Dr. Brown believes that online instruction can be as rich if not richer than face-to-face instruction.  He says, “With forethought, careful planning, and creative use of innovative technologies, one can develop learning environments that empower students by helping them gain mastery of content, as well as providing [them]a rich, satisfying social experience and access to a larger world.”   He models the very best instruction to the teachers and technology professionals in his classes, developing their content knowledge, skills, and confidence to be lifelong learners.  He structures his student-centered classes so he becomes the “guide on the side” rather than the “sage on the stage.”

Dr. Brown, says his dean, brings a “powerful blend of innovation, dedication, and passion to his teaching. He has distinguished himself as one of our most effective teachers and scholars.  He is professional, talented, and dedicated.  His passion and creative approach encourage his students to embrace both new technologies and design excellence.  His commitment to his discipline is also evidenced by his substantial publishing record.”

Dr. Brown believes it is his obligation to “model best teaching practices,” and his students praise his courses as interactive, engaging and reflective.  “[He] is an enthusiastic and well-organized instructor . . . [who] gives excellent and fast feedback and shows a genuine concern for each of his students.  He values and encourages student input, and his love for teaching shows.”

Students respond to the sense of community Dr. Brown creates.  One said, “Distance learning can be a very isolating experience but Dr. Brown requires students to engage with each other throughout the course as if we were all in one room together.  This allows us not only to learn from the course materials but also to learn from each other.”  His colleagues agree with his students.  One wrote: “Dr. Brown models exemplary design, organization, instructional delivery, and interaction within the online environment.  Transforming a course traditionally taught face-to-face to Blackboard requires the instructor to do more than move existing course content to the online environment.  It requires a different mindset.  The instructor must rethink what it means to teach and learn online. Dr. Brown’s [course] provides faculty with one model of the best of online teaching and learning.”  Another colleague wrote, “He is a rare, great teacher.  He has helped steer the current culture of online teaching on our campus and in our nation.”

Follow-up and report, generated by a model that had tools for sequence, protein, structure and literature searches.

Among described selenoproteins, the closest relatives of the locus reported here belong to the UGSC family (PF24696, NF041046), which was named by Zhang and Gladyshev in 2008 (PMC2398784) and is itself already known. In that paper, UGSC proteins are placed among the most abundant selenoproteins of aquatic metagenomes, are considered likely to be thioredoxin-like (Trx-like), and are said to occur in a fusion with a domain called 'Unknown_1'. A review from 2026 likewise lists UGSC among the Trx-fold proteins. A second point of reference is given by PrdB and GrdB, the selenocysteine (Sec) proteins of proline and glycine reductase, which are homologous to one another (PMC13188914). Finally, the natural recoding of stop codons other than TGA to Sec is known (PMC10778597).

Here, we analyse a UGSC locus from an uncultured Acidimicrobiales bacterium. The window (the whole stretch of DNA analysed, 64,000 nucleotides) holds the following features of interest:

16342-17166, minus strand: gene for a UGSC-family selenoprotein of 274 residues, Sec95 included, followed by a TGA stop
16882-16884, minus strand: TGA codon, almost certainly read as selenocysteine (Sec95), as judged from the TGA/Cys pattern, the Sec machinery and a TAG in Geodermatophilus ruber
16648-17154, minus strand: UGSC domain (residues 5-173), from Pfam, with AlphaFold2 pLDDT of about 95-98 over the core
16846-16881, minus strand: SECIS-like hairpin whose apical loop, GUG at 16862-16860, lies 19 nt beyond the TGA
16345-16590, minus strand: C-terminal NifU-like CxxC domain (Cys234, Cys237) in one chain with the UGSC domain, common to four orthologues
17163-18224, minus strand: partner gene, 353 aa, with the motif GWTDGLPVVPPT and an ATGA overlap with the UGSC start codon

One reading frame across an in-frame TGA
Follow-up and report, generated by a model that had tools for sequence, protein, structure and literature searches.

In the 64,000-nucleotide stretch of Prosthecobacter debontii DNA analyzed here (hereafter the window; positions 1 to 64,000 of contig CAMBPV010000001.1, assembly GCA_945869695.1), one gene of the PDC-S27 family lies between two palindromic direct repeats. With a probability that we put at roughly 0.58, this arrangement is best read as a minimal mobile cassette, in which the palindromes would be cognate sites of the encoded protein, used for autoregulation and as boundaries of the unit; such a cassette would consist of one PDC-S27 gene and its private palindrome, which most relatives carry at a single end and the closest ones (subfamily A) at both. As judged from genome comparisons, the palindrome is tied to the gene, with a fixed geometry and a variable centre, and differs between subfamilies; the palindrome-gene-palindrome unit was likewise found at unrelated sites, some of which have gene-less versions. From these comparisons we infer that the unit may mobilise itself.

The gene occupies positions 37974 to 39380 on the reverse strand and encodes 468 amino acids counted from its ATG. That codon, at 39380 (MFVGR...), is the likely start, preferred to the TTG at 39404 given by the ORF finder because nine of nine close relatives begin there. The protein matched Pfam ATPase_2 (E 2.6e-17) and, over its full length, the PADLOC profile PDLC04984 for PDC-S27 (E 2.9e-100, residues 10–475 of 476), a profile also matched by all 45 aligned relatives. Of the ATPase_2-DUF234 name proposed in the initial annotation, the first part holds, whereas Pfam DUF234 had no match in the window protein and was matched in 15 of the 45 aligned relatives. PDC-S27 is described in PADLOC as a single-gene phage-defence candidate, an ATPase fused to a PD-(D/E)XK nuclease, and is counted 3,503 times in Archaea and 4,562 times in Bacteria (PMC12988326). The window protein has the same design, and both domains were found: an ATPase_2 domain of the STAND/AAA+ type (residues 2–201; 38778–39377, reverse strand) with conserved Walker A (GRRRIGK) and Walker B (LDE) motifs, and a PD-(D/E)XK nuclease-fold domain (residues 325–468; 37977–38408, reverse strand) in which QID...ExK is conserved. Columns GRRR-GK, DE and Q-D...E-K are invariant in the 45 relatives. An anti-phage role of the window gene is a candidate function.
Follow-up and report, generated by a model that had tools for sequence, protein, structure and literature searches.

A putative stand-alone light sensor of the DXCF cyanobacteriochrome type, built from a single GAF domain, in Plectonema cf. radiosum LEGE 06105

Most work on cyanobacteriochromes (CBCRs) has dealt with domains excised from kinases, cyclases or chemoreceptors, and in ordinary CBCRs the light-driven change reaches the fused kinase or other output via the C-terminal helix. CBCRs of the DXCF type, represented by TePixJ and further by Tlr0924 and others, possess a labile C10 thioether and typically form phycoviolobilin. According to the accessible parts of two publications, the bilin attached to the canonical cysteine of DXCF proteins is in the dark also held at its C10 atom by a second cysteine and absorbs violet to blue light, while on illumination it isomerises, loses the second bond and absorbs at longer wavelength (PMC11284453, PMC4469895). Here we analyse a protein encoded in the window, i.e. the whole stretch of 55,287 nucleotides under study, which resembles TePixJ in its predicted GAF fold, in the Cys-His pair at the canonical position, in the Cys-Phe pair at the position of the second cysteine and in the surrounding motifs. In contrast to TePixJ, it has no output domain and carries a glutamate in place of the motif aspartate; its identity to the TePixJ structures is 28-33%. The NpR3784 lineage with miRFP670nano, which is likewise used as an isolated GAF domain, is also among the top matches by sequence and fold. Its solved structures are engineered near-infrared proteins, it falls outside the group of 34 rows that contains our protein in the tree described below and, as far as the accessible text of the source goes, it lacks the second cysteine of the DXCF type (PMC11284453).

Dr. Brown earned the BA in Communication and Theater Arts from Temple University, the MA in Languages, Literatures, & Social Studies: Teaching of English from Columbia University, and the MS and PhD in Instructional Systems Technology from Indiana University.  His teaching experiences as an elementary and middle grades teacher provided a rich background for his preparation of teachers and technology specialists at his previous institutions and East Carolina University.

Other winners are Professor George R. Hess, Department of Forestry and Environmental Resources, NC State University; Professor Dwight B. Mullen, Department of Political Science, UNC Asheville; Professor Christian Iliadis, Department of Physics and Astronomy, UNC-Chapel Hill; Professor Kimberly Kreisler Buch, Department of Psychology, UNC Charlotte; Professor Bruce K. Kirchoff, Department of Biology, UNC Greensboro; Professor Weston F. Cook, Jr., Department of History, UNC Pembroke; Professor Patricia H. Kelley, Department of Geography and Geology, UNC Wilmington; Associate Professor Tadeu Coelho, School of Music, UNC School of the Arts; Professor Annette Debo, Department of English; Western Carolina University; Associate Professor Leslee H. Shepard, Division of Nursing, Winston-Salem State University; and Jonathan R. Bennett, Instructor of Physics, NC School of Science and Mathematics.

Award citations and photos for all 17 award recipients can be found on the University of North Carolina website.

The oldest public university in the nation, the University of North Carolina enrolls more than 222,000 Students and encompasses all 16 of North Carolina’s public institutions that grant baccalaureate degrees, as well as the NC School of Science and Mathematics, the nation’s first public residential high school for gifted students.  UNC campuses support a broad array of distinguished liberal-arts programs, two medical schools and one teaching hospital, two law schools, a veterinary school, a school of pharmacy, 11 nursing programs, 15 schools of education, three schools of engineering and a specialized school for performing artists.  The UNC Center for Public Television, with its 11-station statewide broadcast network, is also under the University umbrella.

College of Education Homecoming Festivities – October 4th

To celebrate Homecoming weekend, the College of Education would like to invite you to connect with your alma mater. Please see the list of events for Saturday, October 4:

College of Education Breakfast on the Porch – 9:00 a.m., Speight Building Front Porch

View the Parking Map   Contact Stephanie Bunn to RSVP or for more details (

ECU Homecoming Day Parade on Fifth Street begins at 9:00 a.m.